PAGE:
Ten o’clock on Saturday morning found me in the churchyard of St Laurence in Ramsgate, about to embark upon the guided tour I have somehow managed to miss on several previous occasions. Unintentionally miss, let me add hastily but, this time, I made it. And very glad I am that I did. The sun was shining, the birds practising their scales in the trees and though St Laurence is situated on a somewhat busy intersection, the noise of the traffic scarcely registered, especially as one ventured further into the tranquil hush of the churchyard. Barbara, our guide, a lady who exuded both bonhomie and efficiency, duly gathered her small, surprisingly age-diverse flock, and shepherded us off on what turned out to be a most interesting tour of the past.
Obedient as school kids, we crocodiled down pathways bordered by topsy-turvy ivy and lichen covered headstones, traipsed across over-grown graves, carefully avoiding the stinging nettles lurking with intent, and ducked beneath bowers of holly, bejewelled with the reddest of berries. Every so often we stopped to allow Barbara to introduce us to the incumbent of a particular grave, along with a potted account of their lives.
And there, in the heart of this relatively unremarked churchyard, we found ourselves in the presence of luminaries such as the eminent lawyer, barrister and politician, William Garrow, recently the subject of a TV series, Garrow’s Law, and the gentleman responsible for that cornerstone of British law, ‘innocent until proven guilty’. In his will, I have since learned, he requested that he be buried in his birthplace, Hadley, alongside his uncle, a request which was for reasons unknown not granted.
In a shady nook, overhung by arthritically-twisted branches, stands a cross marking the final resting place of John Collis Brown, the doctor who invented chlorodyne, originally a treatment for cholera. Although savvy in medical matters, he was no Sir Alan and failed to patent his prescription leaving him to miss out on the profits of what became a ‘miracle’ cure for everything, from colds and diarrhoea to whooping cough, neuralgia and rheumatism. Amongst its principal ingredients were laudanum, tincture of cannabis and chloroform, meaning, as Barbara wryly pointed out, that even if it didn’t cure you, at least you died happy!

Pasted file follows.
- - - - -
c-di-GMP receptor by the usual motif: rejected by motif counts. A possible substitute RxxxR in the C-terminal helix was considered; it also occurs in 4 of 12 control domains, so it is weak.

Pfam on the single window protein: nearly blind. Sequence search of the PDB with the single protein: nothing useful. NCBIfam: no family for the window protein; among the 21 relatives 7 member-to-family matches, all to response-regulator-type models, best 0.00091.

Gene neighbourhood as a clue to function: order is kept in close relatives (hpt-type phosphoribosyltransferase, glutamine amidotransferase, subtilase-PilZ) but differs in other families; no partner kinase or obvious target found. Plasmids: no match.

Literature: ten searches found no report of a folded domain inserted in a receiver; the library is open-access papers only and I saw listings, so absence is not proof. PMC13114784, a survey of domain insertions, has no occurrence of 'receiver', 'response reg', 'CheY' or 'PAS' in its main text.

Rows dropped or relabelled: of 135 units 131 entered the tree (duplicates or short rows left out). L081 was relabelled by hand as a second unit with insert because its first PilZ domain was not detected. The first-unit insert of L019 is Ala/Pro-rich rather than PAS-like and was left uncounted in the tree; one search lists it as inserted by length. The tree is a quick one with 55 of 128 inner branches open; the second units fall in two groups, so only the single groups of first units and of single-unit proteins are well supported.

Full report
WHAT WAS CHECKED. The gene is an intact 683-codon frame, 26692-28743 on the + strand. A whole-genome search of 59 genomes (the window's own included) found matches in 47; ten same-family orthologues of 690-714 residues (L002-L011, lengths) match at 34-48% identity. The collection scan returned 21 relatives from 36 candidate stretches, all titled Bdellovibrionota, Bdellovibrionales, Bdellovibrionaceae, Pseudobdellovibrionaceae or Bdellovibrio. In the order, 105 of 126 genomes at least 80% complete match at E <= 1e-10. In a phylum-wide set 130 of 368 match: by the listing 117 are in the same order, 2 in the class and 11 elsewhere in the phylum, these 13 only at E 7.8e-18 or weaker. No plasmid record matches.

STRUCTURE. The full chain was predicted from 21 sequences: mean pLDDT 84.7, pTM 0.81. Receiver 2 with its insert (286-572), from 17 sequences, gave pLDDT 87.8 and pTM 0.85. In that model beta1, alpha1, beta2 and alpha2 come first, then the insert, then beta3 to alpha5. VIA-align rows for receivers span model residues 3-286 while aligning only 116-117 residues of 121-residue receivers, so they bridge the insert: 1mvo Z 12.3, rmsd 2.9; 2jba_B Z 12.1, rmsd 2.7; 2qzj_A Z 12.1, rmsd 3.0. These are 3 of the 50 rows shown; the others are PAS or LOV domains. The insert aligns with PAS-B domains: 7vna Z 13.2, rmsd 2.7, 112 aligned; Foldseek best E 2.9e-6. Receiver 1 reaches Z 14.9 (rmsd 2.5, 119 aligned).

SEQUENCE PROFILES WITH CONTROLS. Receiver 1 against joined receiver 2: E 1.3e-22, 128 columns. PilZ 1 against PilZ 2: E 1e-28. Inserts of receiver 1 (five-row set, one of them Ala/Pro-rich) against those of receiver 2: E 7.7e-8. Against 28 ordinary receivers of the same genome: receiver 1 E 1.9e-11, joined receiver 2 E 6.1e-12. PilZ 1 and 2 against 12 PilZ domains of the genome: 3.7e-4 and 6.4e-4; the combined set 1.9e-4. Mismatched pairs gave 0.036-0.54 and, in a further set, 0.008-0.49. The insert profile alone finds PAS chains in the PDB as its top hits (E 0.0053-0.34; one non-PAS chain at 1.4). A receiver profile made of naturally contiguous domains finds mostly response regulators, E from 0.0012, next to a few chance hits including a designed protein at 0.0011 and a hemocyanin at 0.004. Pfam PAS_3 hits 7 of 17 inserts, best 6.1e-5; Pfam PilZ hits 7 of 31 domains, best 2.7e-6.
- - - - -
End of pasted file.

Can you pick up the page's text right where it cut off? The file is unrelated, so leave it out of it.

The jewel, or perhaps what ought to be the jewel in the crown of St Laurence were it not in so parlous a state with broken ducal coronets and smashed angel heads, is the D’Este mausoleum, in which lie the remains of two of the grandchildren of King George III. Lady Augusta Murray of Dunmore , their mother, who married Prince Augustus Frederick in 1793, shares the same resting place. Unfortunately, under the Royal Marriage Act of 1772, the marriage was ruled invalid and the couple parted in 1801. She was given (or perhaps paid off with) the title, D’Ameland in 1806, and given a Crown allowance to keep her and her children in a certain style.
Leaving Lady Augusta and her offspring in the guardianship of the four-trees standing sentry, one at each corner of the once-grand mausoleum, we pressed onward to where John Woolward, an admiral who served under Nelson, came to anchor for the final time. In 1798 he fought in the Battle of the Nile at Aboukir Bay, helping Nelson to scatter the French fleet and put them to rout. John later became the harbourmaster at Ramsgate, a position he maintained for twenty-six years.
But it wasn’t just the dignitaries I found interesting – I was particularly taken with the grave of a young lady who ‘as she was walking upon the cliff on October 1801, unfortunately she fell over and was killed upon the spot’. There is no name upon the gravestone, but she was later identified as Louisa Grevis. Who said exercise is good for you!
Although many of the stones carry, in keeping with the Victorians, rather grim reminders of the fleetingness of life and a basic caution to refrain from smugness because we’re all on the same bus, just on different time tables, St Laurence churchyard really is something of a haven. One section of the grounds has been left to revert to nature and nature has not been backward at coming forward. Lothario Bees flirted shamelessly with the wild flowers, visiting first one, then another, while Ladybirds lolled about on long sunny stems and leaves, totally unconcerned that their house might be on fire and their children alone. The birds, as I mentioned earlier, were tuning up en mass for the feathered version of The Proms and, I understand, that burning bright in the churchyard of the night is, no, not a tiger, but a fox, waiting, perhaps, for an exhausted songster to fall off its perch.
I could go on. I could tell you how privileged I felt following in the footsteps of William IV, Queen Victoria, even William Pitt, all who have trod the leafy pathways of St Laurence at one point or another, but I won’t. Instead, I suggest you come on one of the tours yourself, which are held regularly and which are free – though it goes without saying that a donation towards the upkeep is always acceptable.
And, I could go on about the church itself, which dates from 1062 – yep, before the Norman conquest, but I also suggest you come along and see its many architectural and historic gems at first hand.
On which note, I will leave the last word to one of our Victorian forebears, whose stone is inscribed with a verbal two fingers up!
‘Farewell vain world, I‘ve known enough of thee
And now care not what thou sayest of me’.
Further information can be found on: http://www.whatsoninkentlocal.com/all/details/21135/